California recently imposed a “shelter-in-place” requirement in several major cities including San Francisco. This means that workers at major companies such as Google, Facebook, Airbnb, and Stripe are working from home now. Many companies that had partial or full remote cultures, and cryptocurrency companies like Kraken, Gemini, and Blockstack have mandated work from home as well. One cryptocurrency company in particular, Coinbase, publicly released detailed coronavirus plans. At the time of posting, we do not know how long people will have to work from home; currently, San Francisco workers are looking at three weeks, but depending on the situation this could escalate to several months or more.
One upside to this chaotic time is learning about tax deductions you can claim if you are working from home. In this post, we will explore the “home office tax deduction” provision in the US tax code and steps you need to take to benefit from it.
In simple terms, home office tax deduction allows taxpayers to deduct a portion of expenses related to carrying out your business from home. These include allocable share of internet fees, electricity bill, rent, repairs, mortgage interest, insurance, and more.
Home Office Tax Deduction For Self-Employed Workers
Before we dive further into this topic, unfortunately, if you are an employee, you are not eligible for this deduction. This deduction is mainly for self-employed professionals who are now working from home instead at the employer’s office. To be eligible, you have to use a portion of your home exclusively and on a regular basis for business purposes. These are two easy conditions to meet because many workers have been mandated to practice social distancing and work from home. In some cases, it may even be worthwhile considering converting from an employee to a contractor to get advantage of this deduction and unlock other tax benefits applicable to contractors.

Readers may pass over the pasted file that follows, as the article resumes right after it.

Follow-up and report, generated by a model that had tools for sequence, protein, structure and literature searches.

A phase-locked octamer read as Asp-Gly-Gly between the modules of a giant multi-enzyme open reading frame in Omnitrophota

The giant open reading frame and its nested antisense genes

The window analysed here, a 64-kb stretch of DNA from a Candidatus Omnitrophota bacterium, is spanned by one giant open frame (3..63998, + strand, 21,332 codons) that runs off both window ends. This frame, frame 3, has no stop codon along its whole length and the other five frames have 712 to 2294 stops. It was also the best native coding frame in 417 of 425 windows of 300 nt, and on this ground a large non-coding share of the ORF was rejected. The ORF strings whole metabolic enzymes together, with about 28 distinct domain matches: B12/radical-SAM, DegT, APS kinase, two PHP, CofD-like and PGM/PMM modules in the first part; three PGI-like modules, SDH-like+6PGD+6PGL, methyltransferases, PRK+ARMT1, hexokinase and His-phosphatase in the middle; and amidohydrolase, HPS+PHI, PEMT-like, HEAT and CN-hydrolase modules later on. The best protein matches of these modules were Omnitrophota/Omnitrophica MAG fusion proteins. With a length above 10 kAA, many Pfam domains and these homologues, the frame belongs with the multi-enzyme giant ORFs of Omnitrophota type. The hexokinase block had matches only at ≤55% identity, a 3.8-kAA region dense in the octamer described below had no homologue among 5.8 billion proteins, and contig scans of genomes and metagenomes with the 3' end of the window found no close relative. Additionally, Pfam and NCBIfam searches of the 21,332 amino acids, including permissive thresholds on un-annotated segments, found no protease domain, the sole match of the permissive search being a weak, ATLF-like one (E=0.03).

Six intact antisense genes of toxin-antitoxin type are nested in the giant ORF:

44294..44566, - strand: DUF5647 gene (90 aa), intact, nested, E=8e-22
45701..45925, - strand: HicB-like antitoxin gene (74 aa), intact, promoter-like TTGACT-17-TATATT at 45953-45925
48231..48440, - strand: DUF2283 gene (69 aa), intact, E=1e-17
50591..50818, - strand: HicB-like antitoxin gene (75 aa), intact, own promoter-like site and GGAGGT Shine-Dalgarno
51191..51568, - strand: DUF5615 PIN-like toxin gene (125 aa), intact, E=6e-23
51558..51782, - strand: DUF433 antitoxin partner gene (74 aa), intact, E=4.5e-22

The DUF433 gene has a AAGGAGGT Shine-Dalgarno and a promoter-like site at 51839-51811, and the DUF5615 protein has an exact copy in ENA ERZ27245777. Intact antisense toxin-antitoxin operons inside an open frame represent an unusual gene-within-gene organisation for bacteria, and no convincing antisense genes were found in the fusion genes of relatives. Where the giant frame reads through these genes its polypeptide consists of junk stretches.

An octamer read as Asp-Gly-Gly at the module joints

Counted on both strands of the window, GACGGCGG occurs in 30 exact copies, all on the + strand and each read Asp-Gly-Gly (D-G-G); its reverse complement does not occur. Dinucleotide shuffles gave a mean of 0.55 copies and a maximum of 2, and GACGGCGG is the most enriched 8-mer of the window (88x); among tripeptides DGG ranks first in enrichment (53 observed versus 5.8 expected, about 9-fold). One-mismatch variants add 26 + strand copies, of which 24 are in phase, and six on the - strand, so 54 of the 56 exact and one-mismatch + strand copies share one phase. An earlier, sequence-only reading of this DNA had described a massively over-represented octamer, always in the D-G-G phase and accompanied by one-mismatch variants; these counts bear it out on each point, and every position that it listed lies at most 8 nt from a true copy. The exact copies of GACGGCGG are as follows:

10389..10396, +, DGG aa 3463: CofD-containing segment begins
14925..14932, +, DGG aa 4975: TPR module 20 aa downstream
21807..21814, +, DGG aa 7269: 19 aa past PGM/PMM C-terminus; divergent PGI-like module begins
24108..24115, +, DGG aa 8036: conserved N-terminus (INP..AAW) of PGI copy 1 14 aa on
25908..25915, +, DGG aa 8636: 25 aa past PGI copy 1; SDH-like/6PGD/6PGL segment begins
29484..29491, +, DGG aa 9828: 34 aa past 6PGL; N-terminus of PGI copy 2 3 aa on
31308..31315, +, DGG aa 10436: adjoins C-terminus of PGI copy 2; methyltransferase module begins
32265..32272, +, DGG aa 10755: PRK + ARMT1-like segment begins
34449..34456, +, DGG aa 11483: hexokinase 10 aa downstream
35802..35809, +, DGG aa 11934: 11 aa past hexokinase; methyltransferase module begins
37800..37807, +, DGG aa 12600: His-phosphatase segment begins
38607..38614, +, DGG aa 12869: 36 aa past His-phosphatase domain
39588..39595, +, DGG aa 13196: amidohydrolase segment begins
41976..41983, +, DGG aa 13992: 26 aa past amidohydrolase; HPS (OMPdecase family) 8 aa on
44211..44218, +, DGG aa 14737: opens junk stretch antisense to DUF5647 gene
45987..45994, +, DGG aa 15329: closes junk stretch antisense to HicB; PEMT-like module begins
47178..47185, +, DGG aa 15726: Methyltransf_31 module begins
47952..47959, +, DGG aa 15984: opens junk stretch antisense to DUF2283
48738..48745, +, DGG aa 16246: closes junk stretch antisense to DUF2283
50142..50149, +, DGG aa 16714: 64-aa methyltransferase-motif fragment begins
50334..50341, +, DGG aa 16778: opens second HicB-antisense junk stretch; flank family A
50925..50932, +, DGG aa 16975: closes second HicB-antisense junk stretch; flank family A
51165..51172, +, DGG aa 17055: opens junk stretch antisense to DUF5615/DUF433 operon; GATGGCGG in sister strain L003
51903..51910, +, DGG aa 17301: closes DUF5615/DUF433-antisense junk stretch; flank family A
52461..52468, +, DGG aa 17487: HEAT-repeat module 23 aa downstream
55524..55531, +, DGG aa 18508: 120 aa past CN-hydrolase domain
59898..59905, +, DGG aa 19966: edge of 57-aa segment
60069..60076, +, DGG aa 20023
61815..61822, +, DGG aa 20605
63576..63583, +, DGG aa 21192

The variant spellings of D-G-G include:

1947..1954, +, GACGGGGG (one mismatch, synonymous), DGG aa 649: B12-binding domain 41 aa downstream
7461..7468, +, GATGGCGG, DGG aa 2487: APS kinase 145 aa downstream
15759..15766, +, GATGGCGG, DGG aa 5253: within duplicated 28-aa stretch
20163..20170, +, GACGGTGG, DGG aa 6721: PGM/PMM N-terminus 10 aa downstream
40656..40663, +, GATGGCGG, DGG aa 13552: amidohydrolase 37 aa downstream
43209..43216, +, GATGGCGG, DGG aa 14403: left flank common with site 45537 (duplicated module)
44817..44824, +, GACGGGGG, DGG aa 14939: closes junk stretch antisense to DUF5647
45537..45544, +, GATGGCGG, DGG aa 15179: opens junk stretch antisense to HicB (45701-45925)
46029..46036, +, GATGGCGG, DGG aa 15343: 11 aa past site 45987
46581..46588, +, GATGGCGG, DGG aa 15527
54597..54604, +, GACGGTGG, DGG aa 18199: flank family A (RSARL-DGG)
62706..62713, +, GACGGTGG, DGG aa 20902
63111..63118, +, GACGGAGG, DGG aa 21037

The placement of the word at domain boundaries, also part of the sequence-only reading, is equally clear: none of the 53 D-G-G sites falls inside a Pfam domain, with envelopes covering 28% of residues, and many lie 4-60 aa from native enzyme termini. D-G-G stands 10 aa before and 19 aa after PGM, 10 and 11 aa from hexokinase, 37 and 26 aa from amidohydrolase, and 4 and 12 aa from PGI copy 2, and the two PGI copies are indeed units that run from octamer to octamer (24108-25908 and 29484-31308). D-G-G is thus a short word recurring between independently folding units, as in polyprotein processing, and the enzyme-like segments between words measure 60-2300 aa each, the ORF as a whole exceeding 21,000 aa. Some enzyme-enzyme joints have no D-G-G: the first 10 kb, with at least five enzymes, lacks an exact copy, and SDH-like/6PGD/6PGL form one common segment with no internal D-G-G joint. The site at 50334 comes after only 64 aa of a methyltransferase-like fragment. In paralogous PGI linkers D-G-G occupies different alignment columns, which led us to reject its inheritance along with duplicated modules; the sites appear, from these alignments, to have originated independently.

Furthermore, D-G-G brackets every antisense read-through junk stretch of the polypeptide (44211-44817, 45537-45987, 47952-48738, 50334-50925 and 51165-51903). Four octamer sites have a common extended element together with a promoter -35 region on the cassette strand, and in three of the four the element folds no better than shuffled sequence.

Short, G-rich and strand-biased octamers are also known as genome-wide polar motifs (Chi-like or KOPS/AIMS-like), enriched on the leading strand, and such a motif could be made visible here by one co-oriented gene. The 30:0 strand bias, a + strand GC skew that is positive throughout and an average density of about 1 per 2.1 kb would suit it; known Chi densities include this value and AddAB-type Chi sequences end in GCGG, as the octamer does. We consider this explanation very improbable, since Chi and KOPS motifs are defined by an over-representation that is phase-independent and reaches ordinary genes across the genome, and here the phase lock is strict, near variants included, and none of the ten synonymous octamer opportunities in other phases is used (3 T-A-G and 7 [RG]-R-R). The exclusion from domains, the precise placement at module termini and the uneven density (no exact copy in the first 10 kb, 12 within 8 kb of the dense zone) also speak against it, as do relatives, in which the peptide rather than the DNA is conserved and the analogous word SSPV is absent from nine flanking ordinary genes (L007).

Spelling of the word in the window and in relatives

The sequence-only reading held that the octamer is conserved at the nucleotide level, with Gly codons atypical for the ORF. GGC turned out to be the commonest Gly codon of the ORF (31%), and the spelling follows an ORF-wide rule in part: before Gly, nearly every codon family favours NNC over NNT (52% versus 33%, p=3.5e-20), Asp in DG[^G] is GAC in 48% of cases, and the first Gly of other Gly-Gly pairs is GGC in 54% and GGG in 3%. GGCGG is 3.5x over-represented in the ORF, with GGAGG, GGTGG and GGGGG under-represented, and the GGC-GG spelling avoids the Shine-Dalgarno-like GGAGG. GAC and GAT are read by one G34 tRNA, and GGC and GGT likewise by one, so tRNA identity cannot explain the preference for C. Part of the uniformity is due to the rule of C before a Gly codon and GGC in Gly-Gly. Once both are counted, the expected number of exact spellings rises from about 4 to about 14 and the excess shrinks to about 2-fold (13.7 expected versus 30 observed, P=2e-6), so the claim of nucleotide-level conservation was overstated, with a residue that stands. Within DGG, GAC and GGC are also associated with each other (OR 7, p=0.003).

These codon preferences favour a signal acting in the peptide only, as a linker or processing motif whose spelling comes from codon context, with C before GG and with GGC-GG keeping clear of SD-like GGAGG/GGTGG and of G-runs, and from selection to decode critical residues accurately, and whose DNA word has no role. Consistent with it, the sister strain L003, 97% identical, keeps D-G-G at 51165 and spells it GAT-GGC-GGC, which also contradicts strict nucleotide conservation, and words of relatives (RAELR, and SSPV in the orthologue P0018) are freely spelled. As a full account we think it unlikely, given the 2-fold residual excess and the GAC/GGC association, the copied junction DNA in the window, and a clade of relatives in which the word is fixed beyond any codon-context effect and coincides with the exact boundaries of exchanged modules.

The easiest way to calculate your home office tax deduction is called the “Simplified Method.” The IRS allows taxpayers to deduct $5 per square foot (up to 300 square feet) of home used in carrying out your business.
For example, if your work from home area is 100 square feet, your deduction would be $500 ($5 x 100 square feet). The deduction would be reported on Schedule C, line 30.
If your work from home area is more than 300 square feet, you can use the “Regular Method.” This allows taxpayers to deduct the portion of expenses allocable to your home office based on the square footage. For example, if your work from home area is 400 square feet and your total home is 2,000 square feet, you would be able to claim 20% (400/2,000) of your home-related expenses (internet fees, insurance, taxes, mortgage interest, etc.) as a home office deduction. The deduction would be reported on Form 8829.
The following chart shows a decision tree you can follow to see whether you are eligible for the deduction:
Tips To Maximize Your Deduction
If you are following the Simplified Method, make sure to accurately measure your home office and document the date you started working from home. Since you can deduct up to 300 square feet, it is a wise idea to expand your work from home space up to 300 square feet to get full advantage of the deduction under this method.
Taxpayers using the Regular Method need to be more careful about record keeping. This involves keeping detailed records of the utility bills and other business related expenses. The IRS website has a side by side comparison of these two methods.
Disclaimer: this post is informational only and is not intended as tax advice. For tax advice, please consult a tax professional.